We are committed to the glory of God.
We exist for God: He does not exist for us. He created us to fulfill a specific purpose—to manifest his glory (Isaiah 43:7). We glorify God by loving him for his glory, by living lives that reflect his glory, and by rejoicing in the perfections of His glory (Rom. 8:18; Col. 1:27). This means a radical God-centeredness in all that we do and say (Col. 1:18). It means a significant emphasis upon personal holiness and godliness (Eph. 2:10).
We are committed to gospel centrality.
By the gospel we mean the life, death, and resurrection of Jesus Christ. Faith in these realities saves us from the wrath of God. In addition, we also believe that the Cross of Christ is the heart and soul of the gospel (1 Cor. 1:18-25, 2:2), and therefore Christianity. There Christ displayed the glory of God both for our salvation (2 Cor. 4:6) and our imitation (2 Cor. 3:18). It is no understatement to say, “I learn everything I need to know about God, man, how to live, and what to expect in eternity, by looking at the cross.” Therefore, we attempt to integrate the cross into every facet of Christian living and teaching. We are big on the basics, what Paul called “sound doctrine” (Titus 1:9).
We are committed to pursuing humility.
Together with the Reformers, Luther and Calvin, and the great pivotal Christian minds of the last 2,000 years, we believe that all men are dead in sin (Eph. 2:1). We believe that God is holy, that men cannot meet God’s standards, nor will they want to, unless God initiates a relationship with them (Matt. 11:27, 16:17; Rom. 9:18, John 5:21). Therefore, it follows that salvation belongs to God (Rev 7:10), not to men. God reconciles us to Himself through His work not ours. In fact, God has designed salvation to transfer all boasting from self to the cross of Christ (Rom 3:27, Gal 6:14). When internalized these truths provoke lives of growing humility and gratitude. To the degree that we grow in humility God sends grace.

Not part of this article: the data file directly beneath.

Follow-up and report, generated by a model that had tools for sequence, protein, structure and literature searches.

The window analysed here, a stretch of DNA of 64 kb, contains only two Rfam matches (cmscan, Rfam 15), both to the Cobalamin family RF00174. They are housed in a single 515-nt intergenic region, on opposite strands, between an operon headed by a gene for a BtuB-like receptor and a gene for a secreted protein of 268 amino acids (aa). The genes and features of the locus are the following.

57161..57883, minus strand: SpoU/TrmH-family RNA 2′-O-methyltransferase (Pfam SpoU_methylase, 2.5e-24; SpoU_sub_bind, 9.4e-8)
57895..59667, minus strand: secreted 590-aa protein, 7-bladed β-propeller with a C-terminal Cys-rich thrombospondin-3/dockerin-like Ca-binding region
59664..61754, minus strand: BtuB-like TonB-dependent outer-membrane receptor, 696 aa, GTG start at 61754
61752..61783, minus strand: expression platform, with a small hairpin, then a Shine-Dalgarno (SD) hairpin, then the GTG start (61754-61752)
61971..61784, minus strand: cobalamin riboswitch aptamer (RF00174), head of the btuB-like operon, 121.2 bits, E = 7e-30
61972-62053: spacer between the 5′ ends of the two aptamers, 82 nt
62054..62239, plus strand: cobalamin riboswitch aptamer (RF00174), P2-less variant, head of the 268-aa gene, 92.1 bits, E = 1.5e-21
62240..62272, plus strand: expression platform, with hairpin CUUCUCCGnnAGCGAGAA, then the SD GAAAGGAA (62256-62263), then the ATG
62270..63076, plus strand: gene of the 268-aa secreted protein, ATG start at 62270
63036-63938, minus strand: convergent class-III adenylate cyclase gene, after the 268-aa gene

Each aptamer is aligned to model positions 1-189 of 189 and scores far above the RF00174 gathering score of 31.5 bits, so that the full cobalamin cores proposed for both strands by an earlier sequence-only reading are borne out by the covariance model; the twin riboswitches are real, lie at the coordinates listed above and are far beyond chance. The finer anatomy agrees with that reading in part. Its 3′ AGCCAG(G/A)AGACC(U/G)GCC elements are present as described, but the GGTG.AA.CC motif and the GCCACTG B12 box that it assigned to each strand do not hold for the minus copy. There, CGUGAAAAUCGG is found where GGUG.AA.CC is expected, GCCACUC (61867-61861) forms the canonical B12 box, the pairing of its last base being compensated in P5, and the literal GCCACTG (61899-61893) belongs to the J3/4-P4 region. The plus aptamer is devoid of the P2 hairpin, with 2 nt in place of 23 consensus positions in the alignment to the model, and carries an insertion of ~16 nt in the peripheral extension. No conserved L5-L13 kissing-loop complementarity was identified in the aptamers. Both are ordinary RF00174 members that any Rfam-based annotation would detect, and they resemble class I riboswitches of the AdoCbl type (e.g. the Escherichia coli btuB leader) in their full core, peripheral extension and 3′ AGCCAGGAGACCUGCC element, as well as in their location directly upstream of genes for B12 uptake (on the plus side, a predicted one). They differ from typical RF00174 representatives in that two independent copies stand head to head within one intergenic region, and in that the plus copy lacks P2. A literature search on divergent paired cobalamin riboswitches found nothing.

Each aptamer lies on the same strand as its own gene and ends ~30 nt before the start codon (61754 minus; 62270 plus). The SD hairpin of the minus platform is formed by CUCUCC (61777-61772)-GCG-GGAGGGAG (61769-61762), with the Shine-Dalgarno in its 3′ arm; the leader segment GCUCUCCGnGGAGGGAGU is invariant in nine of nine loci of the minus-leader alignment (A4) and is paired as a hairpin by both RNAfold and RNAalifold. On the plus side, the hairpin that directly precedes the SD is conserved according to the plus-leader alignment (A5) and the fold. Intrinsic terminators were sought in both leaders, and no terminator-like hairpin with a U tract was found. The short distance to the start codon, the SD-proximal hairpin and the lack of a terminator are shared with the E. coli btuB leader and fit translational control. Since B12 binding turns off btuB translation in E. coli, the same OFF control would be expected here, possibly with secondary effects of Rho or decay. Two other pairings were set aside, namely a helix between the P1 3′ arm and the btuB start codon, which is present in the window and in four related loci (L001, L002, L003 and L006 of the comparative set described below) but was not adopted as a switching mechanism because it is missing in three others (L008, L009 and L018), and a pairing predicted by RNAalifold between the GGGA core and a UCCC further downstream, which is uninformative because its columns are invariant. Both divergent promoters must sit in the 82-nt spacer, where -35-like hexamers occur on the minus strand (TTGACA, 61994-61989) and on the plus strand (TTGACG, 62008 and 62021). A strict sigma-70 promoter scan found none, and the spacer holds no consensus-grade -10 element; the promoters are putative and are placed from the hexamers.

We are committed to the local church.
The Christian life is more than me and my Bible. It is corporate. It is a life shared with a body of people. That is because the local church exists to display the life of the Trinity (God’s glory) in a fallen world, and the Trinity is a social community. God saves families and individuals to join them to a local church (1 Cor. 12:13). That is because God accomplishes all of His purposes through the local church (Rev. 2, 3). Therefore, Christians not committed to a local church are a contradiction in terms. Because of these truths, we honor membership, practice church discipline, and submit to biblical church government.
We are committed to biblical manhood and womanhood.
Although men and women are equal in value, God created them with different functions in family and Church (1 Cor. 11:2-15, 14:32-35; 1 Peter 3:1-7). He did this to display His passion for the servant leadership and joyful submission to authority that characterize the social dimensions of the Trinity. Recognizing and submitting to this truth is an important key to healthy families and vibrant local churches. Practically, this means God calls men to love their wives by leading them and to lead their wives by loving them (Eph. 5:25ff). It also means that God calls wives to submit to their husbands and respect them (Eph 5:22-24, 33). Last, it means that God has given the task of public preaching and teaching to men (1 Tim. 2:11-15). It also means He limits the office of Eldership to men (1 Tim. 3:1-7). Otherwise, men and women are equal in function.